Tuesday, 8 October 2013

The Online Dinosaur?





There has been some debate in the MCC International office recently about the role of email in business and in our lives in general. In some ways it represents a technology anachronism, a tool dating from the earliest days of online that has, in some cases, changed little in the last decade or so. In a world where social media, IM and online file transfers have easily superseded it in terms of flexibility and availability, the humble email is showing its age. You can’t easily tell if the recipient has read and digested your message, the file swapping size is tiny by modern standards (a couple of photos could bounce back!) and there can easily be long delays in any response (if it comes!) – it could easily have gone  the way of the Dodo long ago. In many ways it emulates its traditional offline predecessor (Snailmail anyone? - even that email-era nickname seems old now!!), sharing many of its faults - and yet it’s still clinging on! I had wondered why myself until recently, when the slightly archaic online service I still use for my personal emails (13 years and counting!!) decided to go offline - and for an undetermined period.

Business email systems are still important for many organisations. They represent an electronic version of the paper memo (for those that can remember the ‘Cc’ stands for ‘Carbon Copy’, a throwback to the days of simple paper duplicates!) Certainly this old-fashioned legacy has lost it favour amongst the upcoming generations now leaving school. Email is not ‘cool’ and for many young workers represents a very old-fashioned way of doing things. Even at my age I find emailing a bank a frustrating experience for example, IM is so much more immediate and helpful. So when I lost my email access I wasn’t immediately bothered. But then when I thought about it, the connotations were more worrying. If you use online banking, where do you get notifications? (or a password reset) If you buy something online where do they send an invoice/confirmation? If an item is faulty (in my case a TV) where does the manufacturer want to send the returns details? If you book travel or hotels, where does the confirmation go? Despite its apparent inflexibility, your email address still represents a secure point for the online community to recognise. It’s actually the closest we get to a virtual letterbox. And in the same way as if you got locked out of your home, it’s difficult to easily prove who you are or to get secure services without it.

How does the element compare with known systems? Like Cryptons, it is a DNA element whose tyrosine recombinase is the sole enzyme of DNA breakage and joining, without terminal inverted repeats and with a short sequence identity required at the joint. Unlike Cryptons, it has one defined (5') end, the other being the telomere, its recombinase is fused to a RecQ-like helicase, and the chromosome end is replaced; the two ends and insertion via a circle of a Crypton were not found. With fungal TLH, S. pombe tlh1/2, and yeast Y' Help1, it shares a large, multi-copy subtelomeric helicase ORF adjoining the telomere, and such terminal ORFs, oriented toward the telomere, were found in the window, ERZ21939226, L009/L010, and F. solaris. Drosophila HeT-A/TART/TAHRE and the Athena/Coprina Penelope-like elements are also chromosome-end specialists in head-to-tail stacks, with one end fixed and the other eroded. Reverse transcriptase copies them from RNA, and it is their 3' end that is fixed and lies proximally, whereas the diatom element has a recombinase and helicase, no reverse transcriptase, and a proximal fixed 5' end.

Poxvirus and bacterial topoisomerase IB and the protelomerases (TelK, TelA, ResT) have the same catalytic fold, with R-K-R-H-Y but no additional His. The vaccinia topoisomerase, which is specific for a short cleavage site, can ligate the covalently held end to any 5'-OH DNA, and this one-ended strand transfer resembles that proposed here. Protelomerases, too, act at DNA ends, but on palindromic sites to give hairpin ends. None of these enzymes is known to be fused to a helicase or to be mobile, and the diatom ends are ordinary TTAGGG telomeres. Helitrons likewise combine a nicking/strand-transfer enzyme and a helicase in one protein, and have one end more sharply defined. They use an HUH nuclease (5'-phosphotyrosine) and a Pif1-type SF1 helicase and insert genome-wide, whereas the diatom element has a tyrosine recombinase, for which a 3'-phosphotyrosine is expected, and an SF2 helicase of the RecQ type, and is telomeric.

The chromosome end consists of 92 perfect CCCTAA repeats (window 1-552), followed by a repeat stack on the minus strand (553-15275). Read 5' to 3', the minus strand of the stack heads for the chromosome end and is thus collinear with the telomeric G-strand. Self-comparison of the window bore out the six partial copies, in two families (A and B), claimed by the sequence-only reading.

Thankfully my dinosaur of an email service has been restored and I have access to all those Amazon receipts and old bank statements again (hooray!) – but it’s been a real eye-opener for me. As old and unsexy as the technology may seem it’s still important to us in the second decade of the 21st Century and I am very seriously thinking of registering all my online services with a more mainstream (and hopefully more reliable!) provider. But then, that’s quite a hassle in itself – much like changing your physical home address or mobile number it involves a fair amount of running around!
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